Anthony Albanese Labor

As Australian voters have just about come to terms with the impact of the federal election results, it continues to be shown that the real challenge will be learning to trust the polls again — at least if Crikey readers are anything to go by. While some readers maintained that polling had always been a sceptical exercise at best, others thought that it reflected problems of trust — or mistrust — in the system at large. And what does it all mean for Labor’s fortunes?

On the polls

Rodney Tiffen writes: Let’s be clear — poll herding is a form of dishonest, fraudulent behaviour

Malcolm Harrison writes: Nate Silver is the doyen of pollsters in the US. Yet his methods yielded a likely victory to Hillary Clinton of around 95% in the 2016 presidential elections. Whatever rationalisation he is now using to explain away his failure, “herding” for example, smacks of grasping at straws. People are now more wary and cynical about pollsters, and are more likely these days to be mischievous in their responses. During the last US presidential election there were 19 active polls running concurrently and sometimes daily. Only one of them, the Rasmussen poll, was in any way reliable. The rest were widely and often wildly off the mark. So, no I don’t find this attempt to reassure us about the usefulness of polling very convincing.

Peggy Lee writes: Unfortunately we weren’t surprised at Albo’s ratings crash. Today’s Newspoll makes a grimly intuitive sense. Since the election Labor has rolled over without a squeak. It has lost all of its confidence. And most of its purpose. To “avoid being defined by the government” (which doesn’t make sense) Albo waved through the corporate tax cuts that were going to wreck the economy in April and ditto with the recent security legislation (elements of which were also opposed under Labor policy before the election). Every single Labor policy taken to the election is apparently up for a rethink. All of them. That has shocked and upset many progressive voters. Where’s the courage? Where’s the conviction? If Albo, formerly famous for being brave, genuine and warm hearted, a true conviction politician, is trying to be “Bill Shorten lite” then he’s doomed. He must have kept on some of the idiot advisers who took Bill and the progressive voting electorate over the cliff…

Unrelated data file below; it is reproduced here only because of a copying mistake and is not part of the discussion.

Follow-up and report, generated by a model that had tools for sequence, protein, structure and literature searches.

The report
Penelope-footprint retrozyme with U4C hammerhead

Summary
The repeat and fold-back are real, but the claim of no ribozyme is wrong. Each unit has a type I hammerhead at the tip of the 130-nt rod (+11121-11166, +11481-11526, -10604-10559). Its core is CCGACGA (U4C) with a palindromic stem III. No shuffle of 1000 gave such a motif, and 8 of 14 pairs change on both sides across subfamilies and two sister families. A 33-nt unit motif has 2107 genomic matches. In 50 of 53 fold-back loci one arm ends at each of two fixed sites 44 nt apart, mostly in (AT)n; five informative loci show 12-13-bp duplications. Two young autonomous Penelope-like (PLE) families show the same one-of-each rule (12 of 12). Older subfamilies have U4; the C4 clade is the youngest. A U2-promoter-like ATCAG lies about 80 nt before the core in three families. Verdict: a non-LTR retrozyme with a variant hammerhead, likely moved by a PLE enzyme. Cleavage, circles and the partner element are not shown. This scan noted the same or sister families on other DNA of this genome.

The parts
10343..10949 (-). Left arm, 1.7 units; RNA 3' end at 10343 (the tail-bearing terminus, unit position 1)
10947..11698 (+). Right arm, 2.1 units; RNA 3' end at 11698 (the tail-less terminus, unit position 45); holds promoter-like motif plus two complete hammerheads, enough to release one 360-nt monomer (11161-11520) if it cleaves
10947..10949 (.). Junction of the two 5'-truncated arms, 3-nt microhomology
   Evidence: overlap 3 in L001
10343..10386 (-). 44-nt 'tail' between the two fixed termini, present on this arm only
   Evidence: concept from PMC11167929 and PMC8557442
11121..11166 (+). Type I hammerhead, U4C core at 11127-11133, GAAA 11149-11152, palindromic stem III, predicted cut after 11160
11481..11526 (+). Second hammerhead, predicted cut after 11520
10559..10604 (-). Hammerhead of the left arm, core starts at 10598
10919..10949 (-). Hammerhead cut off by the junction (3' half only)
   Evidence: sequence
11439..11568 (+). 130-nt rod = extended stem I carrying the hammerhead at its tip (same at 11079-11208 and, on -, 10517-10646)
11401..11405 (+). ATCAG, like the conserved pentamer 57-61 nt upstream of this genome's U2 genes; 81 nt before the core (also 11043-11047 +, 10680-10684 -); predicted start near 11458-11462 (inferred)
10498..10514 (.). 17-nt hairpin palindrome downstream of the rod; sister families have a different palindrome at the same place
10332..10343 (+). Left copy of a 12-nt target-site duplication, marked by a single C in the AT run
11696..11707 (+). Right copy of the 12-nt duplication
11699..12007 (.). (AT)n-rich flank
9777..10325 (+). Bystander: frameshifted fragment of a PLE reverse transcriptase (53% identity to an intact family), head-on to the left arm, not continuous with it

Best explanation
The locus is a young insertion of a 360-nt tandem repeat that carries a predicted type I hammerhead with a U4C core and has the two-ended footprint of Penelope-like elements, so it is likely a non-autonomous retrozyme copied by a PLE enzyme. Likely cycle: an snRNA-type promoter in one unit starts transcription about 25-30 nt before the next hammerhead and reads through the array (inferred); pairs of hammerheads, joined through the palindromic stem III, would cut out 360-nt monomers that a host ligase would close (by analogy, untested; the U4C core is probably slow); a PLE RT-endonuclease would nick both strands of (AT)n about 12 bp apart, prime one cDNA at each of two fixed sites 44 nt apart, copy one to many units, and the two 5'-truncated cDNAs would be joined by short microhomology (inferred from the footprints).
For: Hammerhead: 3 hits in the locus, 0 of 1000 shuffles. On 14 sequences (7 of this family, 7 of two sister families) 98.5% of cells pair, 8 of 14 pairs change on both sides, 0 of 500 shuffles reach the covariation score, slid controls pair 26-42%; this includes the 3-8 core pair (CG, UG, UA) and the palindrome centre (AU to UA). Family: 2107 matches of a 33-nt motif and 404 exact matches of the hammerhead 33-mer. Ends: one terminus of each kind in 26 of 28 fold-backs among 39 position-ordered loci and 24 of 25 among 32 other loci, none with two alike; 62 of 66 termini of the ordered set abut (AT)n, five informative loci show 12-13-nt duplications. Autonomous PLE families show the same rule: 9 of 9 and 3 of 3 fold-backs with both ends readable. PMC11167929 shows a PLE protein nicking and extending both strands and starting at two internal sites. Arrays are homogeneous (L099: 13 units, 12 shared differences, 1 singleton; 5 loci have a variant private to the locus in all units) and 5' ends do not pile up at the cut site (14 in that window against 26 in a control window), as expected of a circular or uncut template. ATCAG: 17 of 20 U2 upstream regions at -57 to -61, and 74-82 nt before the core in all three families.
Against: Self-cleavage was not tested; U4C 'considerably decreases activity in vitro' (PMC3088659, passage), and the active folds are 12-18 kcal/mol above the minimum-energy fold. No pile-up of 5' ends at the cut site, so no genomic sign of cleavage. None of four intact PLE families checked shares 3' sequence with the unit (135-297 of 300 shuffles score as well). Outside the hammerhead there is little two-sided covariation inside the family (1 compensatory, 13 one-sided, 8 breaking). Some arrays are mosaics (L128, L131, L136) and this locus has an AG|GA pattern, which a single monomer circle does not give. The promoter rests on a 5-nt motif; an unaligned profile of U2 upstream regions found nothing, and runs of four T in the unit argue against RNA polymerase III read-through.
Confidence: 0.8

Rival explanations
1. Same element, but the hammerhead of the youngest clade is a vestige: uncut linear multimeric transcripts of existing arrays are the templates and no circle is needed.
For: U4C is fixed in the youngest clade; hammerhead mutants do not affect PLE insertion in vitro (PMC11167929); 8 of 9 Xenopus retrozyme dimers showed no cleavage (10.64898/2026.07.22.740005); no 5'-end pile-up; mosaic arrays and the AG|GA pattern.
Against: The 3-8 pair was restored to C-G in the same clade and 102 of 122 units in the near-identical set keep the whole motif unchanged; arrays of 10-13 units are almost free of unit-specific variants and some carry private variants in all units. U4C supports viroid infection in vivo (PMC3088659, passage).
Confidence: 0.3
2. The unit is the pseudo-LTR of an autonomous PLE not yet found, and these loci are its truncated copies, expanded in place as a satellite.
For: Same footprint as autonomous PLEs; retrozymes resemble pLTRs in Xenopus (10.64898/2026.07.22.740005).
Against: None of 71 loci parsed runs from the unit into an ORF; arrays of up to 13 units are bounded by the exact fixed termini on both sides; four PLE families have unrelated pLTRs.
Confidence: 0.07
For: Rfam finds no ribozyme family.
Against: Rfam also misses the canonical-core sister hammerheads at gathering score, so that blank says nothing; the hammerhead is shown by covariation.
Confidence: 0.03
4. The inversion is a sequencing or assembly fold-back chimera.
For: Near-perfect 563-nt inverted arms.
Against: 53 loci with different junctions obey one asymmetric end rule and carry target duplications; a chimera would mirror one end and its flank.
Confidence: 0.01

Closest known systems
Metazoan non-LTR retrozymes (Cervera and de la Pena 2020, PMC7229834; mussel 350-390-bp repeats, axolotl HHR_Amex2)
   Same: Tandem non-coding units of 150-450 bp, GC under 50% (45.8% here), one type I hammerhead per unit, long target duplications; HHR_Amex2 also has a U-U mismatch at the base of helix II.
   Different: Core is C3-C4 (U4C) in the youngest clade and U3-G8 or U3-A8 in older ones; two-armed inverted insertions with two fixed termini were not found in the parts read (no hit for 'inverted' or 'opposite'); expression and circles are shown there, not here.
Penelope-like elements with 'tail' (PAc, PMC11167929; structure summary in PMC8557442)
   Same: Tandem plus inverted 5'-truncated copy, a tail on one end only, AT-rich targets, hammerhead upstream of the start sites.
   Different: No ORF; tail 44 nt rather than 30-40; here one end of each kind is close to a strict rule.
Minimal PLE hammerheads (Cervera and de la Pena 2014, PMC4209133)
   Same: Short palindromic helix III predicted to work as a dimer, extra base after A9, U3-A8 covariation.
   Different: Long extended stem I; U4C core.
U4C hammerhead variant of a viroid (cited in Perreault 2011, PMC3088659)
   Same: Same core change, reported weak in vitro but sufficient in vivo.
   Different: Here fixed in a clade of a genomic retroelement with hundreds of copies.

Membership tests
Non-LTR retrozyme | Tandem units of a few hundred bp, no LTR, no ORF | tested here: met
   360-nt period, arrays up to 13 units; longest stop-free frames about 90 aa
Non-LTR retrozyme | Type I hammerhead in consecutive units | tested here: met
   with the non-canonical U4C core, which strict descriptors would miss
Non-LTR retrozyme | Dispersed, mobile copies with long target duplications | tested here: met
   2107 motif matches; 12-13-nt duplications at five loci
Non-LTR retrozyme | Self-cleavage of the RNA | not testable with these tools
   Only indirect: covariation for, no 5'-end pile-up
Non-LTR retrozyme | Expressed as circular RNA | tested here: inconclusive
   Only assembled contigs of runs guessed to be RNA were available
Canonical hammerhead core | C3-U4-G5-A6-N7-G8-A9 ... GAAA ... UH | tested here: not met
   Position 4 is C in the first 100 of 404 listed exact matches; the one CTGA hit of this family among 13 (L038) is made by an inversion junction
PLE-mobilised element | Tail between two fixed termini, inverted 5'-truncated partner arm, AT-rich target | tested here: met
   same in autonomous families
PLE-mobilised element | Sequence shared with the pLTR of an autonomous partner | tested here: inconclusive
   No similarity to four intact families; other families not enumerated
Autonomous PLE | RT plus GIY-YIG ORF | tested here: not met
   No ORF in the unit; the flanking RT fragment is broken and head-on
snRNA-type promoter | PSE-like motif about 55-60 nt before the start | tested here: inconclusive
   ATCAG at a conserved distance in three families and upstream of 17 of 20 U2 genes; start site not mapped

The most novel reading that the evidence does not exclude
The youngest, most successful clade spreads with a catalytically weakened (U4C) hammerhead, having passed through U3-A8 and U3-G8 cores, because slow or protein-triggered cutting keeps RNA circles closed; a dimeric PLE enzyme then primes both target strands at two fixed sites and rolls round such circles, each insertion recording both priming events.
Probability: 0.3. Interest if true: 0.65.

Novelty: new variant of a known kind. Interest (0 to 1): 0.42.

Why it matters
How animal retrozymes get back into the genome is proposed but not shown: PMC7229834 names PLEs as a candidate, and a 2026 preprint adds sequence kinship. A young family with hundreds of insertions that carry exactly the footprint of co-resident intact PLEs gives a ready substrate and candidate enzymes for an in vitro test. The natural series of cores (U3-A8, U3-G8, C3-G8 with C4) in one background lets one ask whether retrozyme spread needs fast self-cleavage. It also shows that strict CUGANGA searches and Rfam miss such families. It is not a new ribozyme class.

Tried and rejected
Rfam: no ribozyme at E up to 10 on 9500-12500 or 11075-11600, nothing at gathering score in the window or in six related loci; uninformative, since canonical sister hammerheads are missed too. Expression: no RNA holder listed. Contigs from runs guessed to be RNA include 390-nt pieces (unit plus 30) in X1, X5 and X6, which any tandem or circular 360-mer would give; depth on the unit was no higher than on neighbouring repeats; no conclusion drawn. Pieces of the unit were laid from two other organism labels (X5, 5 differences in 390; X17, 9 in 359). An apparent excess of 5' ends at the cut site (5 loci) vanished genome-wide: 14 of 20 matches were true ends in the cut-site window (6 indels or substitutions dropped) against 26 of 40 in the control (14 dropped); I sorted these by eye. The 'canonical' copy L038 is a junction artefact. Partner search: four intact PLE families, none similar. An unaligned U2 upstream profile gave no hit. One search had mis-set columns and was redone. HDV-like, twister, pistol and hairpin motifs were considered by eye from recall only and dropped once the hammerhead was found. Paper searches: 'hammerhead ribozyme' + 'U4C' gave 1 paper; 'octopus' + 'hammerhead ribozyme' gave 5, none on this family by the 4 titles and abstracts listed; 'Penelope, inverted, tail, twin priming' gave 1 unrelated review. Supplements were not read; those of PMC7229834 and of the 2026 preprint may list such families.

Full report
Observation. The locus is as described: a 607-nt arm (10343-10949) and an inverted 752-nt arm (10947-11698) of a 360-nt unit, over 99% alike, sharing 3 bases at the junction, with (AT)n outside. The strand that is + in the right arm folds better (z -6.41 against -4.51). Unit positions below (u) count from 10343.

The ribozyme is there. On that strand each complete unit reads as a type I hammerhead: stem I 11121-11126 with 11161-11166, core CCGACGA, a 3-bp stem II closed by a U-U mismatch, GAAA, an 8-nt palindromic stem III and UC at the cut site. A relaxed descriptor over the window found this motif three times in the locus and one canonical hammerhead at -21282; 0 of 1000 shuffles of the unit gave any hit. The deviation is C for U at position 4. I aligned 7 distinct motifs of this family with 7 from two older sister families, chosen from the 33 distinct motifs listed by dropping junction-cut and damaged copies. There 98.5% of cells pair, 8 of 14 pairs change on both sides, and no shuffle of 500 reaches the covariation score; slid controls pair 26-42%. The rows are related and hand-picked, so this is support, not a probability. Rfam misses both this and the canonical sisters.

Tom Osborne writes: Discussing recent Newspolls, Dennis Atkins wrote: “The primary vote for both major parties increased one point, well within the margin of error and therefore statistically insignificant”. The correct term to interpret the polls’ data is “not statistically significant”. This means that the poll change in two party preferred support were not large enough to estimate an actual change for the electorate (with 95% confidence, given the sample size). The term “insignificant” connotes that the 2PP change was unimportant or meaningless. An absence of a detectable change in 2PP support could well be important and meaningful. All we can claim is that the observed change was too small to be detected, and that the null hypothesis — of no change in 2PP support — was not rejected, something which has meaning.

Alan John Ashton writes: As a former Labor state MP in NSW I didn’t think Labor would win. Pollsters and pundits apply polling figures across seats based on previous margins with no idea of the changes in the demographics in electorates. Also the recurrent theme talking to even Labor voters was Bill Shorten’s unpopularity. Polling this far out from the next election is pointless. However already Albo is having difficulty in transitioning from knockabout bloke to serious opposition leader as Shorten had trouble trying to look like a potential PM. Still, if voters fell for the “How good are Mums? How good are the Sharkies? How good is Australia?” they will fall for anything.

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Peter Fray

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Peter Fray
Editor-in-chief of Crikey